was studying for a three-hour French exam, scheduled the next day, while getting ready for bed when I heard a neighbor pass by our rural Normandy house.
I wasn’t the only one to hear the footsteps. Our dog Libby immediately began stridently barking, as if danger lurked. Big sounds from such a small creature, I thought to myself.
Libby kept to her lyrics long after the neighbor had passed, as if she felt compelled to finish this lengthy speech about the state of her world.
“All right, Libby,” I muttered finally. “You’ve made your point.”
Libby, who’s five months old, had an alarmingly visible rib cage when we first adopted her. No longer.
But Libby wasn’t our first additional family member. Before her, and still present, came Perle (pronounced Pearl) who we’d taken in almost exactly six years before Libby joined us in March.
Libby arrived only a few days after I’d interviewed a friend who is a brilliant poet and a priest, Spencer Reece. For whatever reason, I had a providential sense (what else to call it?) that a second dog would bring additional poetry to my days.
Both Libby and Perle have Homeric odysseys to their credit, both born on the streets of the Caribbean island of Guadeloupe, a so-called département et région d’outre-mer (DROM), a clunky way of saying a French overseas territory. The island is also a former colony dating back to France’s one-time empire in the Americas and Africa. Both dogs, possibly related, are thoroughbred mutts.
I often watch as they scuffle playfully on the carpet. Both hail from a proud and respectable line of Caribbean street dogs, chiens creoles, known as “potcakes” in English. The name derives from the sticky underside of the cooking pot used by locals to make meals of rice-and-peas, often fed to the dogs. Guadalupe was and remains a poor stretch of island land.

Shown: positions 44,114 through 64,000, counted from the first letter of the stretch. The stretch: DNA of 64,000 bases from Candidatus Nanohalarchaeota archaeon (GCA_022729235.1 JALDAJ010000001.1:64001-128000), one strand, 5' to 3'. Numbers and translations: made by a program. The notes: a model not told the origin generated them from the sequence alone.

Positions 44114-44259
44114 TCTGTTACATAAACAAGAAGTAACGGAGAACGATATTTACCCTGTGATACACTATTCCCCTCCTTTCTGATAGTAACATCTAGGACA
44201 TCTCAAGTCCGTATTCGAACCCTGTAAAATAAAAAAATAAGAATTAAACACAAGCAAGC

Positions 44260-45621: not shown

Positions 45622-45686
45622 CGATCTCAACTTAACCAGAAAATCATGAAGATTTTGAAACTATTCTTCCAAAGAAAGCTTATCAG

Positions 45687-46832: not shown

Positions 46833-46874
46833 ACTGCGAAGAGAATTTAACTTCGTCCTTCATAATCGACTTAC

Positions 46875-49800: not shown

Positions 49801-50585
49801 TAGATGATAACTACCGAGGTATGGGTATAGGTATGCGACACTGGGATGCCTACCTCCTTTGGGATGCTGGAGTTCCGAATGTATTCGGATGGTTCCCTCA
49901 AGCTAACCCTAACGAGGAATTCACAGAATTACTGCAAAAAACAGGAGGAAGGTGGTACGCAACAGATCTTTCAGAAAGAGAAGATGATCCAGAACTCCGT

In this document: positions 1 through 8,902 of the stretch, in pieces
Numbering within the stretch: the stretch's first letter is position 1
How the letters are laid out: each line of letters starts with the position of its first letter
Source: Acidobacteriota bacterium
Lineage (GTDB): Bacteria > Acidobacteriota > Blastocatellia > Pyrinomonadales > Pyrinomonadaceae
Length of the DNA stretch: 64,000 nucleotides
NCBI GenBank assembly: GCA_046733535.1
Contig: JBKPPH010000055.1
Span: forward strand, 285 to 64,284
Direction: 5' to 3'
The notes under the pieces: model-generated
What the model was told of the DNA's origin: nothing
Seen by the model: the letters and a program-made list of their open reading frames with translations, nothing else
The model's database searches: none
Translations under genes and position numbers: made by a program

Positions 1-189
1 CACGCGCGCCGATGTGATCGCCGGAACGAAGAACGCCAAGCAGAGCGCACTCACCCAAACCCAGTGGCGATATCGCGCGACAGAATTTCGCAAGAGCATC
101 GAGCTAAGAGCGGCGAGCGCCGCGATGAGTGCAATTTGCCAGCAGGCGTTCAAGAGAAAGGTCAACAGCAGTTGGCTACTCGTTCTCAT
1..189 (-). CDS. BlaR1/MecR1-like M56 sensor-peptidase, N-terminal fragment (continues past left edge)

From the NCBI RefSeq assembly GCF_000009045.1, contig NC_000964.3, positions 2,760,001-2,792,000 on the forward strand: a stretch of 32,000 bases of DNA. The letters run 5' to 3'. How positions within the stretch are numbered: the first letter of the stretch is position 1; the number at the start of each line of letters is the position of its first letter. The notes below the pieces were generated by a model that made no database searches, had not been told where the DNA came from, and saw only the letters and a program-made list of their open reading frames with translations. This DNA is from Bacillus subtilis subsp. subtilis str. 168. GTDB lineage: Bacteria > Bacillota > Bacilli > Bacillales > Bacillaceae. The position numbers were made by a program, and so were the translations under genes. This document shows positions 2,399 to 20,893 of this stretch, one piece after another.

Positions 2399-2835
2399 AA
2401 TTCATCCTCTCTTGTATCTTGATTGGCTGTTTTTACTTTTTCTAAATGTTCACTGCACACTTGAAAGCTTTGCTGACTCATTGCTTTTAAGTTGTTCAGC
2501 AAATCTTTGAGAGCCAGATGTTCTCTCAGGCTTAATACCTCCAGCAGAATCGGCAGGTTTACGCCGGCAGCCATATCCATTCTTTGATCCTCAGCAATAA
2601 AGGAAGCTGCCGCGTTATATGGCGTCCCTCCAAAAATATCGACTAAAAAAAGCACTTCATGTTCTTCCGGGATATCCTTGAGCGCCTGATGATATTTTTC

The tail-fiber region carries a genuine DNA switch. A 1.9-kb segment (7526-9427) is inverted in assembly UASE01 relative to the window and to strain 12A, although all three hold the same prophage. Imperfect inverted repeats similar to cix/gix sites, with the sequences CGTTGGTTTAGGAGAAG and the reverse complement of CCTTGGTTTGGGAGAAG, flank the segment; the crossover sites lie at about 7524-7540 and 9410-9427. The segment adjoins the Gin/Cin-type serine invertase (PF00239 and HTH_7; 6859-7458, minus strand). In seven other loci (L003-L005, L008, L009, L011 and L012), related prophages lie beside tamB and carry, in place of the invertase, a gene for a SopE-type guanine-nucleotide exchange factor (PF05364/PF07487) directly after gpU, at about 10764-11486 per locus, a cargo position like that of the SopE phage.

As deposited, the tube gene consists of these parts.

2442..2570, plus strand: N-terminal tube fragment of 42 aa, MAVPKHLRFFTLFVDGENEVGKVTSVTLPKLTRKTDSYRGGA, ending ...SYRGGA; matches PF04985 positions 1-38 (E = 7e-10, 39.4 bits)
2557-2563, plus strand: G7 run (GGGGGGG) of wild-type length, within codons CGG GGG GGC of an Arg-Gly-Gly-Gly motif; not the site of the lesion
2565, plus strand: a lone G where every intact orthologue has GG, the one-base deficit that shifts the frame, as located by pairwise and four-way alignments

The dog are an emblematic part of the island’s culture, immortalized in songs and recognized as an “official” breed.
We adopted Perle and Libby by way of a charitable organization that brings these often malnourished potcakes to France, where they’re put up for adoption in a foster family.
But it’s adoption on a clock, for a set period of time, which can make for sad scenes when dogs and their foster owners are parted when the time elapses. An attachment to a pet can become deep and emotional in a hurry.
It’s an admittedly unusual system, but I can’t fault those who move mountains to bring street dogs to a place where they might live better and more diverse lives. They’re like foster children moved from one loving home to another.
I use the story of our two dogs to illustrate something that operates on a deeper, telepathic level. By this I mean the way the potcakes — and dogs in general — invite us to consider the ways in which any living thing can speak to us, though not necessarily in identifiable languages.
When Perle quakes during thunderstorms, Libby immediately begins to bark. In patiently listening to this storm chorus I have a strong feeling that at a visceral, natural level, in terms of awareness of what’s immediately transpiring around them, they’re worlds ahead of me, closed in a house and oblivious to what nature might have in store. They know to respond to the grumblings of the loud world around them.
The American writer and humorist James Thurber once quipped that “certain dogs would go to heaven, and very few persons.” Allow me to reformulate this. Heaven isn’t at the heart of the matter, not when it comes to dogs. Rather, dogs can be the source of inspiration, if not teach it through how they behave. They can make anyone, including this modest writer, suddenly look at and appreciate the world in an entirely different way, one that many might take for granted.
Case in point is one Will Keppler Robinson, who takes to writing soon after watching two potcakes from Guadeloupe rapidly devour dinner from their bowls, inspired by their satisfaction, and feeling a little of his own inside.